Killian is great, I am inspired by his accomplishments. However Matt’s record will not be beaten this week. It’s too good.
      I saw Matt coming down in 93. He was hardly touching the ground and his hair was flying. What a sight.
      The traffic is significant for the lead runners on the down but has not changed. The year has been wet but lately it has been warm and the trail is dry and loose. The temps will be warm on the weekend.
      I would love to see KJ break the record and good luck to him. But I doubt it can be done and I will be there watching.

      1. CLF

        @Tom – awesome first-class post, every word of it!

        “I saw Matt coming down in 93. He was hardly touching the ground and his hair was flying. What a sight.”

        What I (and probably everyone else here) would give to see a picture, or even better yet, a video clip of that. If only…

        Thanks again for your comments!

    3. Koop

      From first hand knowledge as a local trail runner and who does trail work on Barr trail, I can say for certain that the trail is virtually the same, save for some very minor changes to drainages and small (<10 feet) reroutes due to rockfall, etc. However, the trail surface itself is in poorer shape from top to bottom, particularly below the Incline runoff around mile 4/23. So, it is certainly slower, not shorter/steeper.

  3. CLF

    FYI – I started a discussion thread on this year’s PPM over on LetsRun, mostly centered on the “Almighty 3:16” and whether Kilian can get it. I know, I know – it’s typically a cesspool over there and so I won’t post the link here and risk site contamination, but the discussion has been pretty clean so far and a number of posters have provided excellent historical insights that some here might be interested in – or not. Can’t wait for the race – could be a great one!

      1. CLF

        Thread title over there (LetsRun) is “Official Pikes Peak Discussion Thread”.

        It’s been pretty clean and very insightful so far, with only one or two troll appearances.

  4. Darren Thomas

    Hey guys, I’ve had innumerable health problems this summer and now wound up with a hip injury that I’m recovering from. Unfortunately I won’t be running this weekend, but I’ll be down there watching the action.
    Thanks for covering this race, it truly is special especially this year

    PS I am now a steamboat springsian, at least until winter.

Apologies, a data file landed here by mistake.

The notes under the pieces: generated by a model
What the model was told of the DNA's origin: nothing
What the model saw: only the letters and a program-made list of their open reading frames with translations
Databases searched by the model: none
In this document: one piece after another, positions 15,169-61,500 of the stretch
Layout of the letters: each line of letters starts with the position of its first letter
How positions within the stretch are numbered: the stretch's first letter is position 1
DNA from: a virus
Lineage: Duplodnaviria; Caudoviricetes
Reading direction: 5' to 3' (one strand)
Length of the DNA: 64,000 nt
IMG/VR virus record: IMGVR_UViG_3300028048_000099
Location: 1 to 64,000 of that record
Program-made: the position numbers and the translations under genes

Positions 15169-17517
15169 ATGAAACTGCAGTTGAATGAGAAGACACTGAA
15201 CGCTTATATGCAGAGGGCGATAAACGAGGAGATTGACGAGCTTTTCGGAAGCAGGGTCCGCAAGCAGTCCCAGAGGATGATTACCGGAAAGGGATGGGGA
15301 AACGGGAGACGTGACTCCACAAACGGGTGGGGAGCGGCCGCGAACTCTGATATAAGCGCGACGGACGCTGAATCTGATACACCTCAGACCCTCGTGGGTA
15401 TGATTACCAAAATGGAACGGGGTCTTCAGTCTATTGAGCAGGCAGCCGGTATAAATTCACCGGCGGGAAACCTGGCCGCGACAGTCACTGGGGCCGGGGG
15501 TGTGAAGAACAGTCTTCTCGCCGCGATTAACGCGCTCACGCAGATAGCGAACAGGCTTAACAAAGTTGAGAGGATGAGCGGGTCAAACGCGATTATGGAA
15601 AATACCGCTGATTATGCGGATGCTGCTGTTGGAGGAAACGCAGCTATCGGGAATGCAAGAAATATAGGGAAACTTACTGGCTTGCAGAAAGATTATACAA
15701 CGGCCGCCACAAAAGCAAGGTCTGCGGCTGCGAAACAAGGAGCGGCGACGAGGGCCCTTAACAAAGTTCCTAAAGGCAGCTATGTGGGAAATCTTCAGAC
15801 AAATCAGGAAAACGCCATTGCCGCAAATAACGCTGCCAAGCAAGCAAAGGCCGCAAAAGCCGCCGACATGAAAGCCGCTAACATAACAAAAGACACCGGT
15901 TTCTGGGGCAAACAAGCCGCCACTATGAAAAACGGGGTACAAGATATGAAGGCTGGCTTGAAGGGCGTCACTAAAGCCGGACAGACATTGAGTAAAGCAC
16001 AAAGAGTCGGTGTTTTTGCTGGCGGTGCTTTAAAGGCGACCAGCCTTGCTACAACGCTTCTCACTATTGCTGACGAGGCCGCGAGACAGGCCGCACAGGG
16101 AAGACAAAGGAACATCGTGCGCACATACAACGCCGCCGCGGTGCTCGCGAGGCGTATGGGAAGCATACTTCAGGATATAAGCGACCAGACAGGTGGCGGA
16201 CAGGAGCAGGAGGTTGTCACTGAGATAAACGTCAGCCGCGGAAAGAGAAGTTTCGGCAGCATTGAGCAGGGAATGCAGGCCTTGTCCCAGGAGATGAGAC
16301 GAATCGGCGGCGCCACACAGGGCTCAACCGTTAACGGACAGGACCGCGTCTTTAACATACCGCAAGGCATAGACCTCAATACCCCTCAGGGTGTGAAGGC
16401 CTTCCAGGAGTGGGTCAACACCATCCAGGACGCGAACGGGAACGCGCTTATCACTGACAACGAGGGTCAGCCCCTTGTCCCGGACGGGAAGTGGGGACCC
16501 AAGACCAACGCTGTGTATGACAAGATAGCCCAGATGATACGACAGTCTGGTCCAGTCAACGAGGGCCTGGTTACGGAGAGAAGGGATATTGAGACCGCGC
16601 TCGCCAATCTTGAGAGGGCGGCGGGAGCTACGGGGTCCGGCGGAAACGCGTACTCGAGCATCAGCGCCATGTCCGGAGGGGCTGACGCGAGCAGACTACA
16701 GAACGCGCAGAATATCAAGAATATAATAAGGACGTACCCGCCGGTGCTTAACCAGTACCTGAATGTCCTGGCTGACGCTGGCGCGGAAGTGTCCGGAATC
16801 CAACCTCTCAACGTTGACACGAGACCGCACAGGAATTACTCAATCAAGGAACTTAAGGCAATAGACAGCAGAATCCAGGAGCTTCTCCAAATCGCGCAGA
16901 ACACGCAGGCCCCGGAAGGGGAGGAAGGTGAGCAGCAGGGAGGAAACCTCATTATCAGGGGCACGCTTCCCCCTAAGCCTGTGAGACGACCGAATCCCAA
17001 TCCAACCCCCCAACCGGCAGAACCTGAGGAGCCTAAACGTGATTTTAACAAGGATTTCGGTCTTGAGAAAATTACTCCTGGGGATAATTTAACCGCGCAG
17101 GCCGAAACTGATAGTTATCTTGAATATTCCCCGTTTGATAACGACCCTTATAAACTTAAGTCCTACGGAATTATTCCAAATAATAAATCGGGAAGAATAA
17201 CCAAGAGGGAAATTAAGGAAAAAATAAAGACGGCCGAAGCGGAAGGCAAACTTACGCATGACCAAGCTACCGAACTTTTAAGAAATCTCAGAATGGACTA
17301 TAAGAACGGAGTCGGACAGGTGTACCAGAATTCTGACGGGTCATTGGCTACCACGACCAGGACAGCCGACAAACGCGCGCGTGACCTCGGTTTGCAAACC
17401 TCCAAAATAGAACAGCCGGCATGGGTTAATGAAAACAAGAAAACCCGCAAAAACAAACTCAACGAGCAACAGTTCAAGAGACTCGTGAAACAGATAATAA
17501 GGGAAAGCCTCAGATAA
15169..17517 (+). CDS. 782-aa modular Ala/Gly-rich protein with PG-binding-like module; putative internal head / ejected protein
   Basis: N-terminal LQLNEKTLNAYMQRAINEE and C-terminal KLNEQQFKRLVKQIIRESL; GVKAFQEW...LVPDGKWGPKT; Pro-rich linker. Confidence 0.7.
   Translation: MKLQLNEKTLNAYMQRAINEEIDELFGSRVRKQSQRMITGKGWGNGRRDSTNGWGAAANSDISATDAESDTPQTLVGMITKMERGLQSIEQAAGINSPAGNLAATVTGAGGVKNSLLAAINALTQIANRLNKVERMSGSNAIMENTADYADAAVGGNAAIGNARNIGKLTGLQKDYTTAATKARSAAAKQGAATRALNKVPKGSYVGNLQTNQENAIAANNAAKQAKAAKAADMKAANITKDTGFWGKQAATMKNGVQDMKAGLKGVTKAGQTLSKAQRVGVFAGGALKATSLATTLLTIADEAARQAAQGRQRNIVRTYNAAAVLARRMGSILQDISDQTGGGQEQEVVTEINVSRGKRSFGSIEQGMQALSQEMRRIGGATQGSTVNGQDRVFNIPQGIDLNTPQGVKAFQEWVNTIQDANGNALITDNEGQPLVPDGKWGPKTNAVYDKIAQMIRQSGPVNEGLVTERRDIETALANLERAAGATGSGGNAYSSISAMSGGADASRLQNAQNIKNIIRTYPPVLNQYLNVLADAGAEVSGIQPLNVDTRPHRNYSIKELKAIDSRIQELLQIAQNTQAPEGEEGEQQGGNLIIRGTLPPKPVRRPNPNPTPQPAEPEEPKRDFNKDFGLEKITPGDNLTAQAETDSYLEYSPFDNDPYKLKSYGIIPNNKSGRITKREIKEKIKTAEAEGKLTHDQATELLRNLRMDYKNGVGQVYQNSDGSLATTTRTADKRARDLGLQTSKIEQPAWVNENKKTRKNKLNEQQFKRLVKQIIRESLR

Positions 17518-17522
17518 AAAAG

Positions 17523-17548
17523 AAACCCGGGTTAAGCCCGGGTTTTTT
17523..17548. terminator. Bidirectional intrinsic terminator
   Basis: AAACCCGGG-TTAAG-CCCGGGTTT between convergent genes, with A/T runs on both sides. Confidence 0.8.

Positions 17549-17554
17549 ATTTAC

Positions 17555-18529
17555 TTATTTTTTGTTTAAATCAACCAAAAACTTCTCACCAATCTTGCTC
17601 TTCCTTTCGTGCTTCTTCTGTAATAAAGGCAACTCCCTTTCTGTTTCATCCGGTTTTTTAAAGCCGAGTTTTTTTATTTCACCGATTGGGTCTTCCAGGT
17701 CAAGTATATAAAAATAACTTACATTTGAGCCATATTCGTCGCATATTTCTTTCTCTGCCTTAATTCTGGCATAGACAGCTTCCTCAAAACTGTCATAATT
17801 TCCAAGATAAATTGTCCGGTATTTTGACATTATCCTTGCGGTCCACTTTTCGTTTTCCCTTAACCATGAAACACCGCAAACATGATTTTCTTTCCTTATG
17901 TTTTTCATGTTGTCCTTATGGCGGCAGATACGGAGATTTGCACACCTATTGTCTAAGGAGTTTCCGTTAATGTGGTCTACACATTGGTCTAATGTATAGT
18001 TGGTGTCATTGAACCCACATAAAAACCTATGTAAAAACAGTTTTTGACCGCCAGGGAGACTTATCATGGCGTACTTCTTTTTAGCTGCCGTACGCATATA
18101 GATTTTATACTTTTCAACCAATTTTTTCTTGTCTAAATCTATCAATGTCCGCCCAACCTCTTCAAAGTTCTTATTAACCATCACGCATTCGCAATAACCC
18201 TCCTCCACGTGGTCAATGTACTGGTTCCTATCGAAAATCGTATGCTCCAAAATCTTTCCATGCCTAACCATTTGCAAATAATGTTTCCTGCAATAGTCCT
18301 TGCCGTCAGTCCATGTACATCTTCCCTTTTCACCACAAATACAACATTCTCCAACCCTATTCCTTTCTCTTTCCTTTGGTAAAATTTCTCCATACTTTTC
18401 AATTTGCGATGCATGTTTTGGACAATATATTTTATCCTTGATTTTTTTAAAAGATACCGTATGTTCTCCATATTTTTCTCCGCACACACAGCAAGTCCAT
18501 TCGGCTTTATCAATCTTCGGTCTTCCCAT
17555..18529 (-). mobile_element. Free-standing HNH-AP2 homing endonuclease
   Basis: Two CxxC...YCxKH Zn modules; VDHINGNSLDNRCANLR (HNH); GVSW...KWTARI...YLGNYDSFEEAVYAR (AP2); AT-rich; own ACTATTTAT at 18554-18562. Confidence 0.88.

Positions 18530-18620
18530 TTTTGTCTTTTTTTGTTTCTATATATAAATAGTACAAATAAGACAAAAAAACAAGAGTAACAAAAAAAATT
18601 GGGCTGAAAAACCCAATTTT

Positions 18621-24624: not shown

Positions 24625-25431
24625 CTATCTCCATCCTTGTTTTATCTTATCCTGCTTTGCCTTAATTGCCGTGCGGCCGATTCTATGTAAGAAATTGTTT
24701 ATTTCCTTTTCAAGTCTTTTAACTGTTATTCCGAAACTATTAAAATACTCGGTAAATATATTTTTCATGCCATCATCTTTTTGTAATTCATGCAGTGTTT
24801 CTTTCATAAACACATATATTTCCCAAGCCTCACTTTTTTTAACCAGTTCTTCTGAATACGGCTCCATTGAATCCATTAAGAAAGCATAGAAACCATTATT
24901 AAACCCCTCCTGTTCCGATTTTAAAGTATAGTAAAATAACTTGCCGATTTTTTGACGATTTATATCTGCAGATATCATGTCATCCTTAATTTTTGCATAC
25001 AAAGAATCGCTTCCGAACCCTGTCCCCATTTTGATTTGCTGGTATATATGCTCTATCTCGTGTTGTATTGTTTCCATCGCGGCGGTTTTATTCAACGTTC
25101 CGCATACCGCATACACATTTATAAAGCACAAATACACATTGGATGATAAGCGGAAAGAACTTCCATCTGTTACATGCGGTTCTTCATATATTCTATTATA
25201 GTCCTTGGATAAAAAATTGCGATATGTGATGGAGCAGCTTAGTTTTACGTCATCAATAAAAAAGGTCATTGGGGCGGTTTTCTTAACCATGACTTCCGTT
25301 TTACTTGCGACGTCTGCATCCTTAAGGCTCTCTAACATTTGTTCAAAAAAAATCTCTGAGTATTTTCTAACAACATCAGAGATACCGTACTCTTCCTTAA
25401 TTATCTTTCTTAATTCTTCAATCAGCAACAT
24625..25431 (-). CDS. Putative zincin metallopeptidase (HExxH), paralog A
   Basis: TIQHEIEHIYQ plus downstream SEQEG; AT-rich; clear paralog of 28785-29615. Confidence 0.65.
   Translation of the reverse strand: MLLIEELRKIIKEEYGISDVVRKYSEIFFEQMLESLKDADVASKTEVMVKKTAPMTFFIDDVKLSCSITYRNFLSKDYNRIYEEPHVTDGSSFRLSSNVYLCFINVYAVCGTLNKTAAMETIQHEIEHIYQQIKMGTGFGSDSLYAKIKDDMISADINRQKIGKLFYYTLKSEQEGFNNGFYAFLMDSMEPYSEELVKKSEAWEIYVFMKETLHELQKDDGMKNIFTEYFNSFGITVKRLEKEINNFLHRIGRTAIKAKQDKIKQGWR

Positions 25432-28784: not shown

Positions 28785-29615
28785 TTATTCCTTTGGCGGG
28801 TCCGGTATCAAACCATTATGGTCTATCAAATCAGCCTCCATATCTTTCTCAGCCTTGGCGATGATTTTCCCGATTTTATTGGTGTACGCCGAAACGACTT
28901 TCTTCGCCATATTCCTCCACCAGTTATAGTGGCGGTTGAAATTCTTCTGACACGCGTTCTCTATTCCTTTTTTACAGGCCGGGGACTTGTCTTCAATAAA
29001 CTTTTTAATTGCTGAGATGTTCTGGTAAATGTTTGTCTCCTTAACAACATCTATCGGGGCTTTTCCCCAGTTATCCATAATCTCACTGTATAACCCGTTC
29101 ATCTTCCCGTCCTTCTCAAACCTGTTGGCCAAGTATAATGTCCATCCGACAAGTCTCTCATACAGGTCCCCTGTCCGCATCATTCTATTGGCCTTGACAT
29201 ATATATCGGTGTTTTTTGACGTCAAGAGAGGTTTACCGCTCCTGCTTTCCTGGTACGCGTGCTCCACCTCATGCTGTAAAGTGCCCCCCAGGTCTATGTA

5. Albert

    If anyone is going to get close to Matt Carpenter’s record, it’ll be KJ. He seems to be running very strong. If KJ does it, it’ll be epic.

  6. Jackson Brill

    Hello iRF,
    I won’t be racing Pikes this year. After running 4:00:36 last year, you’d better believe I’ll be back soon to run (at least!) 37 seconds faster! Looking forward to the awesome coverage from you guys.

  7. Matyáš

    Czech Republic’s Ondrej Fejfar is not running despite being on the entrant list, he has decided to skip the event following his unsatisfying results in the GTS earlier this year.

    Also I feel like winning this year’s European Mountain Running Championships in Zermatt should be noted amongst Jacob Adkin’s feats.

  8. Mark

    It is going to be warm, which definitely affects times.
    As far as the trail conditions go, it is affected more by storms day-to-day than any year-to-year changes I have seen in three decades.
    After a rain (like it was a year ago) the trail is fast up and down. After a few days of dry weather it gets more and more gravelly, making footing slicker.
    A lot of this trail condition talk started a few years ago when it was particularly dry and loose. A few days out from the race I would rate the trail condition as average historically for August. Could improve with some more rain in the coming days.

  9. Bill Coffelt

    I have run every Pikes Peak Marathon since 1984. Barr Trail has eroded seriously in many places despite massive trail repairs. The last 10 years it has been more noticeable. Also, with a maxed out field, there is more traffic to contend with on the descent. I wish KJ the best and a SAFE descent if he goes for the record.

  10. speedgoat

    In order for KJ to get the record he’ll have to be under 2:03 at the peak. Matt’s 2:01 and change is very fast, but I’m willing to bet KJ can hit that. There are lots of variables on the descent as he’ll pass 950 runners at top speed. It’s not all about the elite runners all the time, but I hope all of the runners racing the marathon, get the hell out of the way as he levitates down Pikes Peak. I was also there in 1993 when Matt set the record. He had Ricardo Mejia on his tail, who summited in 205:32. Ricardo was close, but Matt’s descent was a little better. I really think with KJ’s descending skills, he can do it, but he’s gotta nail it. When Matt set that record 25 years ago, noone believed it could be broken, including me, but it’s a new generation, just like Kipchoge in the marathon. Anything is possible. Good Luck KJ! Let the running gods be on your side…..

    1. CLF

      “In order for KJ to get the record he’ll have to be under 2:03 at the peak. Matt’s 2:01 and change is very fast, but I’m willing to bet KJ can hit that. There are lots of variables on the descent as he’ll pass 950 runners at top speed. It’s not all about the elite runners all the time, but I hope all of the runners racing the marathon, get the hell out of the way as he levitates down Pikes Peak.” – Pretty much agree with all this.